Feta Mediterranean: Hidden Turkish Delight

You will know if a restaurant has good food when the expat community convenes there for an authentic taste of home. This is true for Feta Mediterranean in Annapolis Street, Greenhills, which has a steady stream of Turkish patrons and customers looking for halal food even at the slow hours when we visited them last weekend. From the first time I spooned my Shepherd’s Salad to the last bite of lamb, it was an explosion of flavors.
Feta's Shepherd's Salad
Feta’s Shepherd’s Salad
While Filipinos are familiar with Middle Eastern fare courtesy of the various shawarma kiosks scattered around, we are not as familiar with other Mediterranean dishes of the region. Aside from this, most of these outlets have adjusted their flavors to match the Filipino palate that it hardly feels authentic anymore. Feta does not compromise on this and delightfully retains its distinct Mediterranean flavor profile courtesy of their head chef flown in straight from Turkey.
Feta's Turkish Head Chef. He's very particular on how you pronounce Lamacun, their version of pizza.
Feta’s Turkish Head Chef. He’s very particular on how you pronounce Lamacun, their version of pizza.
Feta’s exterior and interior are unpretentious and simple, perfect for family and group gatherings. The front area has comfortable seats and smaller tables, perfect for their strong Turkish coffee and lighter snacks, or desserts like Kanafe.
Turkish Coffee is served in this dainty silverware. Elderly patrons check out how the coffee grounds fall after finishing their coffee to tell their fortunes.
I ordered the beef doner on rice (P290), with thinly-sliced, tender beef laid atop a big plate of rice like a blanket. The serving was enough to serve two people. The beef was cooked from the vertical rotisserie much like a shawarma. There was no need for garlic sauce as the beef was nicely spiced on its own but adding the slightly citrusy, garlicky and creamy sauce added a new dimension to the beef.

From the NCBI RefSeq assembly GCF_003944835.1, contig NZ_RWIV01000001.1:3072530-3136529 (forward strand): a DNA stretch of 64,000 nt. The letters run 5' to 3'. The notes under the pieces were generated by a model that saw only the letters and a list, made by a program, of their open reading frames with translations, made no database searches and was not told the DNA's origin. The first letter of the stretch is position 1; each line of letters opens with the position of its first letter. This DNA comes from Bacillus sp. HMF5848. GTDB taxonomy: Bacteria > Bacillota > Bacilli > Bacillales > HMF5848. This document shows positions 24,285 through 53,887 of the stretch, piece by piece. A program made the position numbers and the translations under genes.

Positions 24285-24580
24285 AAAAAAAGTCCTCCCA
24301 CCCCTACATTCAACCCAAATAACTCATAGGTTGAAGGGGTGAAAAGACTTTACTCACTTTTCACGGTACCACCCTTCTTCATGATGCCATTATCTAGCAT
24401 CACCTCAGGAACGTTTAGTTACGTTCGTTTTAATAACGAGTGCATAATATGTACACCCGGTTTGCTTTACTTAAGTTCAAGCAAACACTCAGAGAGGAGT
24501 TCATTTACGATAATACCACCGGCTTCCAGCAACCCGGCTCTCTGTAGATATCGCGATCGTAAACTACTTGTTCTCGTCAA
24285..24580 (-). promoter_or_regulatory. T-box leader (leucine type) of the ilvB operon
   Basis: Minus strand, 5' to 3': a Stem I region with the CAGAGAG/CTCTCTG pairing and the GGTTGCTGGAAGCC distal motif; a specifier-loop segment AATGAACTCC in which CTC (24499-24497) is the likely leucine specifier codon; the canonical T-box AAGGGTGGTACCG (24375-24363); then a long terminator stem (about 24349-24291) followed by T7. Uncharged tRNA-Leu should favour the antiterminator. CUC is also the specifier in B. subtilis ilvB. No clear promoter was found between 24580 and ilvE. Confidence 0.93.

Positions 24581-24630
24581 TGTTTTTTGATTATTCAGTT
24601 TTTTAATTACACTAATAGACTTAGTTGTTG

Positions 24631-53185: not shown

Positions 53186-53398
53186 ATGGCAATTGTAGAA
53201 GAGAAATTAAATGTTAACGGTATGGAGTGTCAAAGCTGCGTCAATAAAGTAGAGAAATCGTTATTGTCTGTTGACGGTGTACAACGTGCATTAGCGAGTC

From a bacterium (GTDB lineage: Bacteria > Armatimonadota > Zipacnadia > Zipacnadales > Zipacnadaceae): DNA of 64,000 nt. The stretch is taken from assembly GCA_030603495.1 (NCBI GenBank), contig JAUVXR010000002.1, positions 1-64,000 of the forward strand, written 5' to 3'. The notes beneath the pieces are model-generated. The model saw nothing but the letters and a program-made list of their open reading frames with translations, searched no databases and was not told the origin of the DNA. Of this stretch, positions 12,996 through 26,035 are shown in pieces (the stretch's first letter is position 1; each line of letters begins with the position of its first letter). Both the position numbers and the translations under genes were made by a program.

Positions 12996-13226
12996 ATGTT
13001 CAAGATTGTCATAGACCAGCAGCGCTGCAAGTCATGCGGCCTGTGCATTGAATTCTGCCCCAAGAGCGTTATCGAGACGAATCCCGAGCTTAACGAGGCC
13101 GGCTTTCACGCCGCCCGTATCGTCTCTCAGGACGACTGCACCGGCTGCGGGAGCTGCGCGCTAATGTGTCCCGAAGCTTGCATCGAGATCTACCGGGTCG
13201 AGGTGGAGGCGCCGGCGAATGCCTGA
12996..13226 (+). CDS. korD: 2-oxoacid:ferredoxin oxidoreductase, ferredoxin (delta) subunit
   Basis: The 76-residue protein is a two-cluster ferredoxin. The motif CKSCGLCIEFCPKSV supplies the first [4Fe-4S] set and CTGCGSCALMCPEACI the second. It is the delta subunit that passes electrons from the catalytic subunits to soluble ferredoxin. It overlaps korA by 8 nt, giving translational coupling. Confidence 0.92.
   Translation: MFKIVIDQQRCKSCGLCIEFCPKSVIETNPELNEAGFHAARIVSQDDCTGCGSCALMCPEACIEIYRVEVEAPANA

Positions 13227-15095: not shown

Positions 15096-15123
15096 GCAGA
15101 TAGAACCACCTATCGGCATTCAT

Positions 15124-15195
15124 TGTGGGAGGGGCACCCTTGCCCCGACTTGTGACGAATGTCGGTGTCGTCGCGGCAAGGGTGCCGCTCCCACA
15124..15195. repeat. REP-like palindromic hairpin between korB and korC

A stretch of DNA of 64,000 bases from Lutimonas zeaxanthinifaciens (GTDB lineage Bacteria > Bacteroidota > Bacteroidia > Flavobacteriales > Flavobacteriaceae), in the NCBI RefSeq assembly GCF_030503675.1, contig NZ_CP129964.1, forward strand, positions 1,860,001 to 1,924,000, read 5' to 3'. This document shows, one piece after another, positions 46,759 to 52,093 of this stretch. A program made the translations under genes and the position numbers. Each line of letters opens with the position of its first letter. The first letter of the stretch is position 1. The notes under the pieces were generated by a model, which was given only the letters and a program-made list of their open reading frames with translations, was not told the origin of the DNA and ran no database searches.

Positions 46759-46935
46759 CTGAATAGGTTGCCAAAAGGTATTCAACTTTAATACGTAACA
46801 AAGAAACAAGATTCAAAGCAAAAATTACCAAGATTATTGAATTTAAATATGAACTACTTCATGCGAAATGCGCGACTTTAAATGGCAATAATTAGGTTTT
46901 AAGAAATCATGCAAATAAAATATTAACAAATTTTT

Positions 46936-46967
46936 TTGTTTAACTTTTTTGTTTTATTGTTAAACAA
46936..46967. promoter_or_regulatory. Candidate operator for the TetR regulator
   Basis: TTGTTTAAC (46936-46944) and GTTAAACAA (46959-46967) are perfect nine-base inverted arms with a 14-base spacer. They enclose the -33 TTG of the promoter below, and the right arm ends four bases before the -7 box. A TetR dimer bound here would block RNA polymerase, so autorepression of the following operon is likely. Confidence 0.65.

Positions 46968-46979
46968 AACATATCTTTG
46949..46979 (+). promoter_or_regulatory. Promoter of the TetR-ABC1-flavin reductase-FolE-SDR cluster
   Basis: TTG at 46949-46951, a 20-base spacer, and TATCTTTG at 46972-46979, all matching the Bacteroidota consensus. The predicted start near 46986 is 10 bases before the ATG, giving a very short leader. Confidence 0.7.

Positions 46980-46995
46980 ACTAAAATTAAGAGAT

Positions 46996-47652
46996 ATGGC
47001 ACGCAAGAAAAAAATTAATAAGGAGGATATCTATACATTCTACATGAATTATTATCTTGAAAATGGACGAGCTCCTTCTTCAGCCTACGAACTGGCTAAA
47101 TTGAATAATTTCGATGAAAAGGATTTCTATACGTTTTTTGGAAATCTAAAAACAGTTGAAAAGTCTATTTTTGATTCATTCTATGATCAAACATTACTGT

A huge serving of Beef Doner. This dish is enough for two.
The slow-cooked lamb shank (P490) is also one of their bestselling dishes and it does not taste very gamey. It was very tender and quite tasty on its own. The yogurt shake (P129) is just the right drink to cleanse your palate after eating these rich dishes.
Slow-cooked lamb shank

For groups who cannot decide which dishes to order, there is the Mixed Souvlaki (P769 for 2) composed of kebab, chicken wings, souvlaki chicken and shawarma. You can also try their Lahmacun (Turkish pizza)  made with spicy minced beef, cabbage, onion and tomatoes.


For those looking for more value for their money, Feta also has set meals at lunch time from Mondays to Fridays with the same delicious flavors. As most of Feta’s dishes are meant for sharing, it’s also a great way to order just for yourself.

Kanafeh, a Turkish cheese pastry soaked in sweet, sugar-based syrup, here topped with cream and spun sugar.

Our group was quite full after the feast Feta Mediterranean served. It is tempting to keep the knowledge of Feta’s great and affordable dishes to one’s self but good food deserves to be recognized. We’ll surely be back for more.

Vida Lim

Digital nomad. Virtual geek goddess. Content writer. Serial micropreneur. Bookworm. Foodie. Wannabe dancer (like a hippo in a tutu in Disney's Fantasia). She's weird, messy, dorky, stubborn and independent and will go anywhere for good food.